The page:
Ah, St. Patrick’s Day, our nation’s national holiday is celebrated all around the world. But how did it become so popular? I don’t know about you but I feel like I’m not a big ‘Paddy’s Day’ fan unless I’m abroad and this year, naturally, I’ll be celebrating in Puglia, Italy.
A latent sense of patriotism seems to erupt whenever I’m away, whereas at home, I would be just as happy to sit around and casually glance at the parades on TV.
So how does the world celebrate and where should you go to feel that sense of ‘Irishness’, no matter how over the top or stereotypical it may be. Hello green river!
When you think Irish celebrations, you wouldn’t automatically think of Argentina. Or maybe you would? Because believe it or not, the city of Buenos Aires is actually home to the fifth largest Irish population in the world. Surprised? I was too.
Known in the city as La Fiesta de San Patricio, you can be guaranteed a memorable time in this vibrant city. Within a 10-block radius on the streets around the Retiro district, you can party, dance and listen to music – the atmosphere is infectious.
So whether you choose to simply watch the parade at Plaza San Martin or party the night away on Reconquista Street, you’ll be having the fiesta of your life.
Konnichiwa! Toyko has been celebrating St. Patrick’s Day since 1992 and the festival has only grown in popularity over the past 25 years. The city imports Guinness especially for the big day, which now attracts over 300,000 spectators.
Tokyo does nothing by half and you can expect to see parades taking place all day while locals and tourists alike celebrate and have fun together.
While it was originally used as a means for the Irish to introduce their culture and customs to the Japanese people, it has now become a fantastic mixture of Irish and Japanese costumes and fun.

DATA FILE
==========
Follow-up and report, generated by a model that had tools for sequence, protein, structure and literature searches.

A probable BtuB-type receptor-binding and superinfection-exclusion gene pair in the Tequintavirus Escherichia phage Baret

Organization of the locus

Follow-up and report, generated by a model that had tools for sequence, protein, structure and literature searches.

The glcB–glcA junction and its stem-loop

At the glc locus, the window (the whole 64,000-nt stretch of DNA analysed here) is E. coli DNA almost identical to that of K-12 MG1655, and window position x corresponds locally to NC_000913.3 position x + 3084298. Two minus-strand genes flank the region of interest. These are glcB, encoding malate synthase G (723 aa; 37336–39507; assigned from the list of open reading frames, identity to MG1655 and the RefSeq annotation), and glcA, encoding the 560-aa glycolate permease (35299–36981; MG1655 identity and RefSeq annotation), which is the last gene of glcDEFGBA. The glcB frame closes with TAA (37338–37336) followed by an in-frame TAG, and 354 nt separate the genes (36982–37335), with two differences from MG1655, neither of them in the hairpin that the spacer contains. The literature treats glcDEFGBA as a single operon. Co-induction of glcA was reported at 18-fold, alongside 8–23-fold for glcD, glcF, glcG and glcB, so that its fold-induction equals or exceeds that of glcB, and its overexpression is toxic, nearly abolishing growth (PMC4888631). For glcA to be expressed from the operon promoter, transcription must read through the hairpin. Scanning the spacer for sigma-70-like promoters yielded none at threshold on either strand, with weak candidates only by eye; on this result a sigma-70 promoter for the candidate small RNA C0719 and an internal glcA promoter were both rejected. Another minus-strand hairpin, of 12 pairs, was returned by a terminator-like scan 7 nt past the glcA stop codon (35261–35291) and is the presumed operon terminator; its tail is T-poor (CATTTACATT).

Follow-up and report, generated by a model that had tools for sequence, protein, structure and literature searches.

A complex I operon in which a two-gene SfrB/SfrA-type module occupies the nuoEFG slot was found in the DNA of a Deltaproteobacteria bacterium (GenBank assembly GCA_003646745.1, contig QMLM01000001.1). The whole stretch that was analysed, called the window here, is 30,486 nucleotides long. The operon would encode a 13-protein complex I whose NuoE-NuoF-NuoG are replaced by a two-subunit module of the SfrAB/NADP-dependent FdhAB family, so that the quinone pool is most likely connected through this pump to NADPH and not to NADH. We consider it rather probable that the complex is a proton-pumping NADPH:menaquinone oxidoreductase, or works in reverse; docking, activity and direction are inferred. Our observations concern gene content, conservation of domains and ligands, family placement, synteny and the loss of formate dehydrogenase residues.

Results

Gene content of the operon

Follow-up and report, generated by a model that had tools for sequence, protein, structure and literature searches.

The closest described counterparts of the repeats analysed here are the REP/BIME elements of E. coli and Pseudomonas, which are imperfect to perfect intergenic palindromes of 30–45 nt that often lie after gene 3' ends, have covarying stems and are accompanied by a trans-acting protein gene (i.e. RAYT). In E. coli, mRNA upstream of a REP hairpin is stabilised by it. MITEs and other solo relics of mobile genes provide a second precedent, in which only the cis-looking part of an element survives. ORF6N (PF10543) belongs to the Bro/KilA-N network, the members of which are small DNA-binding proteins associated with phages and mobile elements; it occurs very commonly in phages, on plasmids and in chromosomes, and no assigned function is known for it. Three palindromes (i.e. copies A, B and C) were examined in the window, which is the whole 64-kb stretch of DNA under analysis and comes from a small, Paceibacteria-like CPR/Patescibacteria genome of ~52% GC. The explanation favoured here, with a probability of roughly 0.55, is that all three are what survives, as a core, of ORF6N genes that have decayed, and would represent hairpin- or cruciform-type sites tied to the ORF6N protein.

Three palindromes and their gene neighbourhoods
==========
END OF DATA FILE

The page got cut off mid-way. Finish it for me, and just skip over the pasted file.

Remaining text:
New York’s inclusion on the list shouldn’t surprise anyone. America is home to a huge Irish community and with the history associated with the city and our emigration, it’s no surprise that the big apple is home to the largest St. Patrick’s Day celebration in the world.
In fact, it’s the one I’m most likely to watch on TV. With parades taking place along the city’s streets since 1792 (yes, you read that correctly), you can dance and sing your way down fifth avenue in honour of dear old St. Patrick…just don’t call it Patty’s day!
The tiny island of Montserrat in the Caribbean goes all out for St. Patrick’s Day. As the only place outside of the Emerald Isle where March 17th is a bank holiday, this would definitely be a celebration to remember.
Similar to Ireland, Montserrat is known as the Emerald Island. With Irish roots dating back to the 17th century, its national colours are green and gold and wait for it…there’s an Irish harp on their flag!
So if the Irish weather isn’t really your cup of tea, Montserrat will have you feeling like you’re at home, but enjoying a much more tropical climate.
Did you know that Singapore has its very own St. Patrick’s Society? Mostly formed by expats, the society hosts an annual St. Patrick’s Day Ball- hello glamour!
There are also numerous music events and parades often held on the day so of course, some green attire goes a long way.